India, which is major HCQ exporter, needs to insist that any move to discontinue HCQ trials be based on rigorous, review-able research.
Now is the time that India should urge continuation of hydrochloroquine (HCQ) trials across the globe. The observational study published in The Lancet on May 22, which claimed a much higher proportion of adverse consequences (including in-hospital death) among Covid-19 patients administered chloroquine/hydrochloroquine than those that received standard care, has come under serious criticism from medical researchers across the globe.
The study’s claim of a formidable dataset of 96,032 patients from 671 hospitals in six continents gave it an air of incontrovertibility, but nearly 180 scientists and researchers have written to Lancet, raising serious concerns about it. Apart from the study’s authors refusing to disclose the sources for their dataset (pleading ironclad privacy agreements with hospitals), the fact that several experts have questioned the extraordinary homogeneity of patient data across continents, the marked differences in demographics and population-level health condition notwithstanding, is only one of the red flags.
The letter talks of how there hasn’t been enough adjustment for known confounders (severity of disease, dose used, etc), how the mean daily dose of HCQ was 100 mg higher than the US FDA recommendations though 66% of the cases considered in the study are from North American hospitals, etc.
While WHO suspended the HCQ arm of its multi-country SOLIDARITY trial citing the results, the UK advised a pause in the recruitment for HCQ trials while France put all such trials in abeyance. This has also driven fear among participants, with implications for ongoing studies. Given how it isn’t yet certain that HCQ doesn’t work, unless the study in Lancet withstands methodological rigour, the halting of HCQ trials must be reconsidered.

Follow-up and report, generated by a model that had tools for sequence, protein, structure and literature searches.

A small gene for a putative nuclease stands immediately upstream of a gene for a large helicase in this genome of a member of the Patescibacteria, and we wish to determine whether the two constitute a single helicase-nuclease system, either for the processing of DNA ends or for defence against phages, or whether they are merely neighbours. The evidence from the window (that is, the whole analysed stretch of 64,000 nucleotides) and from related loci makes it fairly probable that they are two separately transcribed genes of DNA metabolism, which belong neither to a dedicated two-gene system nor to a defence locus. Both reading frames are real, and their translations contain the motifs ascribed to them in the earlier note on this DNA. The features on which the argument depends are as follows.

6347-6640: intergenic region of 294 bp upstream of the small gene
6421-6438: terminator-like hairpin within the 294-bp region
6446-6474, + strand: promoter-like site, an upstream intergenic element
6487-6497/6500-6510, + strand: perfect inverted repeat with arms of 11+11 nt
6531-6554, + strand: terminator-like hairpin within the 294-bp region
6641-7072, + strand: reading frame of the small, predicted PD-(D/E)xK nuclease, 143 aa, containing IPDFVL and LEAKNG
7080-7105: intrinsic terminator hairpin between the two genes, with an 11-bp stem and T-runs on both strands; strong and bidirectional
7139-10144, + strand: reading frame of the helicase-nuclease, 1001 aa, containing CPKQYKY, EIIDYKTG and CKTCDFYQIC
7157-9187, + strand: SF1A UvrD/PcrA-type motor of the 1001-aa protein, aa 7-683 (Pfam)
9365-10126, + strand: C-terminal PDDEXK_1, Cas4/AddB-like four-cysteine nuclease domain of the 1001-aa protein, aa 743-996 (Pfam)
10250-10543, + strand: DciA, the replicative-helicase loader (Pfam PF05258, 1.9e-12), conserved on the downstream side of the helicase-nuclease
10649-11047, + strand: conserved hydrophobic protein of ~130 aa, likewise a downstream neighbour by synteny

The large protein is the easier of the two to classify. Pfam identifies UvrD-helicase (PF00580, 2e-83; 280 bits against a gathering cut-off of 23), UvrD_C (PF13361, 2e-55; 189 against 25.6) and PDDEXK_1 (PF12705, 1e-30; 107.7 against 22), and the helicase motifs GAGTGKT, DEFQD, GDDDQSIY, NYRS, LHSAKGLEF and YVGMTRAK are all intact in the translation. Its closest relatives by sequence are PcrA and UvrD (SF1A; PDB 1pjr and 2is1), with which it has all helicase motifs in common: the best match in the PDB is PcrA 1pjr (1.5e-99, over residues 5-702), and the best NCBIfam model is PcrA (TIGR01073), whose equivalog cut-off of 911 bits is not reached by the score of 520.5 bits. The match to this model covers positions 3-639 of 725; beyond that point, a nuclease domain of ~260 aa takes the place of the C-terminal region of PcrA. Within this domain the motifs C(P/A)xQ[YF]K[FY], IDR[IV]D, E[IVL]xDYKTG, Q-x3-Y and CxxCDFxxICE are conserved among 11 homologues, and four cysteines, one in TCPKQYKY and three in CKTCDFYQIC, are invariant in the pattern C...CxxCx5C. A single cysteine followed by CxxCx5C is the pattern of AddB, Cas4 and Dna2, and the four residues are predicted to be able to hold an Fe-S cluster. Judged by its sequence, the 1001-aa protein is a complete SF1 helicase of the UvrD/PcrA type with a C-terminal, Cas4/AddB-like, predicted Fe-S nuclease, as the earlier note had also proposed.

Indeed, India, which is major HCQ exporter, needs to insist that any move to discontinue HCQ trials be based on rigorous, review-able research. To that end, the heads of the Council for Scientific and Industrial Research and the Institute of Genomic and Integrative Biology urging the WHO to resume HCQ trial is a good start. The Indian Council of Medical Research, which recently expanded the cohort for which it advises prophylactic use of HCQ, must provide the impetus from its findings so far; it reported a correlation between prophylactic use of HCQ as per the earlier protocol and lower Covid-19 contraction among those who received HCQ.
It now needs to bring out the findings in a more detailed manner. It will also have to collate and report the findings of HCQ use in treatment of Covid-19 patients—as per its existing protocol, severe coronavirus patients requiring ICU management are given 400mg of HCQ in the morning and evening on the first day of this treatment course, followed by 200 mg HCQ twice daily for the next four days. This is a battle where India must lead, not just because it is a major HCQ producer, but HCQ working against Covid-19, could mean a turnaround for the outlook on the outbreak in the country.